Report: Power Struggle at Warner Bros. Leads to 'Distrust and Disharmony' LA Times
A three-way battle for power at Warner Bros., meant to inspire a “collegial competition” among three strong execs aspiring to run the media giant, has instead led to “distrust and disharmony,” the Los Angeles Times reports.
CEO Jeff Bewkes set the competition in motion two years ago among Television Group President Bruce Rosenblum, Motion Pictures Group President Jeff Robinov and Home Entertainment Group President Kevin Tsujihara, declaring, “These three will work as a unit,” the piece notes.
“But the effort has inspired distrust and disharmony inside Warner Bros., the studio known for Batman, Bugs Bunny and ‘The Big Bang Theory’ as well as for its decades of management stability,” the Times reports.
“The three competing candidates ... do not work as a unit. They rarely meet as a trio or get involved in one another's businesses, according to several people associated with the studio who were not authorized to speak publicly.
“And although Bewkes said anyone jockeying or politicking for the job of Warner Bros.' chairman would ‘eliminate themselves’ as contenders, the three men have been maneuvering for position while their subordinates quietly advertise their bosses' qualities and rivals' shortcomings.”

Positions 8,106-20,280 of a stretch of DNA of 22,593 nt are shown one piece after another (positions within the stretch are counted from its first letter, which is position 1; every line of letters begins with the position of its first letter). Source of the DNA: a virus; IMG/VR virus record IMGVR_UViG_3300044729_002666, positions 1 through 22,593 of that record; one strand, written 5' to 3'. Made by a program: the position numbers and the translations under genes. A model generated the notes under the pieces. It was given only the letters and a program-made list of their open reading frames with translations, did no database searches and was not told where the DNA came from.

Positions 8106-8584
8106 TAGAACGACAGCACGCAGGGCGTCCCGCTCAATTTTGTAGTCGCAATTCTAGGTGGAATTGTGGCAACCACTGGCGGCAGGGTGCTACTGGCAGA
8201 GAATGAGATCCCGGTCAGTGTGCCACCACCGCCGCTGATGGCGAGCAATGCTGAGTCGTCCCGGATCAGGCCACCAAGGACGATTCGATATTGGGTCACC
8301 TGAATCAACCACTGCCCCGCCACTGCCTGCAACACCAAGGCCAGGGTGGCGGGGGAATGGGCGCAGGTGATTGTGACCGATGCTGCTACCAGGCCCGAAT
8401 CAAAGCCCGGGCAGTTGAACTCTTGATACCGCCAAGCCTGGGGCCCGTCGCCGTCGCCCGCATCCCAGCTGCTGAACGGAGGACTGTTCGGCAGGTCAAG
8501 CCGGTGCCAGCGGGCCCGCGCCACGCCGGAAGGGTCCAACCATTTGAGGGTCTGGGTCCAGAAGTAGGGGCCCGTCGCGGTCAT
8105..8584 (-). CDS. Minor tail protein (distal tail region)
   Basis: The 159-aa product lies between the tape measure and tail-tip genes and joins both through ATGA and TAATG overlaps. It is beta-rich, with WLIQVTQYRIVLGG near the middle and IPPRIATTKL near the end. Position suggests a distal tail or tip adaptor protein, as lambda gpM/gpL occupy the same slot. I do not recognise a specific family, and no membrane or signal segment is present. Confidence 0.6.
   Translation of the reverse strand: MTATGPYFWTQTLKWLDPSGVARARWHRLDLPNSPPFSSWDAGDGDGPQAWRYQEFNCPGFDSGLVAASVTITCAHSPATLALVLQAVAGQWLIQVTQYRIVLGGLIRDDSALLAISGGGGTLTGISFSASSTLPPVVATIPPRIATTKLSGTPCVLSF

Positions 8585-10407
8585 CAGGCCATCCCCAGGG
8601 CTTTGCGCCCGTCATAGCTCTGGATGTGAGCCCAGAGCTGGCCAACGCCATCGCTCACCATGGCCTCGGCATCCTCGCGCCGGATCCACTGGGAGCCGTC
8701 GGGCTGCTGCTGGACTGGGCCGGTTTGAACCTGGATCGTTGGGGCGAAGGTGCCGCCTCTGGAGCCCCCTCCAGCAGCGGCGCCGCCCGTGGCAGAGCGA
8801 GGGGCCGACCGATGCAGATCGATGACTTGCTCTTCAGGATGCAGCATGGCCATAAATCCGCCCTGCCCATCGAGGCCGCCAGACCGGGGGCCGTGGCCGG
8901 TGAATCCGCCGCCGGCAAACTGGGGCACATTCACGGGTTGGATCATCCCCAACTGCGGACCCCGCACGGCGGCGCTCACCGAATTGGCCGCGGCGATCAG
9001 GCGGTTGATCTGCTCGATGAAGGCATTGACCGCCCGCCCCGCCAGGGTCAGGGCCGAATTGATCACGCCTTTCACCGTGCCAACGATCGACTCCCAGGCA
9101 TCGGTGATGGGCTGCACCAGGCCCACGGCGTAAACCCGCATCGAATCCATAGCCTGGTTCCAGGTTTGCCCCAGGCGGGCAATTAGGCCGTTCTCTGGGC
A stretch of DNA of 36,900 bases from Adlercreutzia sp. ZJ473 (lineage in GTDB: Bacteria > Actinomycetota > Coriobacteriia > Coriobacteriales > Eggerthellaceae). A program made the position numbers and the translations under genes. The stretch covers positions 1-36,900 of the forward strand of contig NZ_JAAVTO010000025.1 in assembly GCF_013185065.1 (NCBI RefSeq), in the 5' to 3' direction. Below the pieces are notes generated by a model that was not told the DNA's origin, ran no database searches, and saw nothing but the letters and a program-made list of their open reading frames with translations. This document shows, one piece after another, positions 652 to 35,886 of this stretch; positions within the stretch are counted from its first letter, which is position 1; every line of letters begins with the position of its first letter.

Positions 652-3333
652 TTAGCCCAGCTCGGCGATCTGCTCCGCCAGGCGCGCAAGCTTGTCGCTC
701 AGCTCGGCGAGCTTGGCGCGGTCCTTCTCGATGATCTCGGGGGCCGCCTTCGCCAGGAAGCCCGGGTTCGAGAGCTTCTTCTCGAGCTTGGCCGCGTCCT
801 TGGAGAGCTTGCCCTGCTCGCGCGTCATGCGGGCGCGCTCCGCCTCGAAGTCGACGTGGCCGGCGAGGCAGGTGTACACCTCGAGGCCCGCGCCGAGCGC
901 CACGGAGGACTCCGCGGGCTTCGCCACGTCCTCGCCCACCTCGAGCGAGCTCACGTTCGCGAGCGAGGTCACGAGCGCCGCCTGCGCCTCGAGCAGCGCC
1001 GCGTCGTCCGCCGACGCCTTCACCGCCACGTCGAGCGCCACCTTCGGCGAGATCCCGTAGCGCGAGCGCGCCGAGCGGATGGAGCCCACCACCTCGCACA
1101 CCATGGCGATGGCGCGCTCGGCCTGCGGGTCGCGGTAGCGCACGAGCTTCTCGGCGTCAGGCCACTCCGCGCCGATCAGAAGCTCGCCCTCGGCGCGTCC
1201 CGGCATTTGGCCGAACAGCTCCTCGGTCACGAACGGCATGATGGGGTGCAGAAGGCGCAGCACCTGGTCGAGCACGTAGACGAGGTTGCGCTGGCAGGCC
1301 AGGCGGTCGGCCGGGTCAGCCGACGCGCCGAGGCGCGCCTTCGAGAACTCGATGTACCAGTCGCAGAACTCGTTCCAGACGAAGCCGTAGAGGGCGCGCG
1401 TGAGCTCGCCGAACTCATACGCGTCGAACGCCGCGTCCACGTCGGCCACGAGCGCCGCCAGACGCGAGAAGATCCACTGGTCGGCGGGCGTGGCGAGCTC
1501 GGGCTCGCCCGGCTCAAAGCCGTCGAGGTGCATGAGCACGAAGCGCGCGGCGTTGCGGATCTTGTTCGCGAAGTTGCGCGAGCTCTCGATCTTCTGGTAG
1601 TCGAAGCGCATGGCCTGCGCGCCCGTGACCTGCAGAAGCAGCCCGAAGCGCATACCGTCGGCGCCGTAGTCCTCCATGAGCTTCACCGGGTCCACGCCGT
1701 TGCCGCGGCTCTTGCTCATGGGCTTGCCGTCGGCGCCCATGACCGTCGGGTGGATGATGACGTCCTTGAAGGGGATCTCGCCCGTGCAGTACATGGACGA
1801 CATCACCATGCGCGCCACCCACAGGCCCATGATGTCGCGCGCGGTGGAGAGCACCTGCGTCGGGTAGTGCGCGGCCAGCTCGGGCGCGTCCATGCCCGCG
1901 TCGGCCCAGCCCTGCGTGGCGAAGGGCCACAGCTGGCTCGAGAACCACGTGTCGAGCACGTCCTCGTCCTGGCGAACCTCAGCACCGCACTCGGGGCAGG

The report indicates the power struggle has impacted morale on the Warner Bros. lot in Burbank, Calif. “Some insiders describe an atmosphere in which executives are hesitant to extend contracts, staffers are afraid to cross department lines for fear of ‘taking sides’ and potential partners are wary of signing long-term deals without knowing who will be in charge,” the story reports.
Said one Warner Bros. executive cited in the story: "People are very preoccupied with the issue of succession, and it creates an undercurrent of tension and awkwardness. It's like being a kid wondering if your parents are about to break up."
The piece notes: “The runoff officially launched in September 2010 when Warner's professorial chairman, Barry Meyer, agreed to postpone his planned retirement until the end of 2013 -- after 42 years at the company and 14 in the top job.”
Bewkes and each of the three candidates for the job declined to be interviewed for the piece, the Times notes. A decision on the job is expected early next year.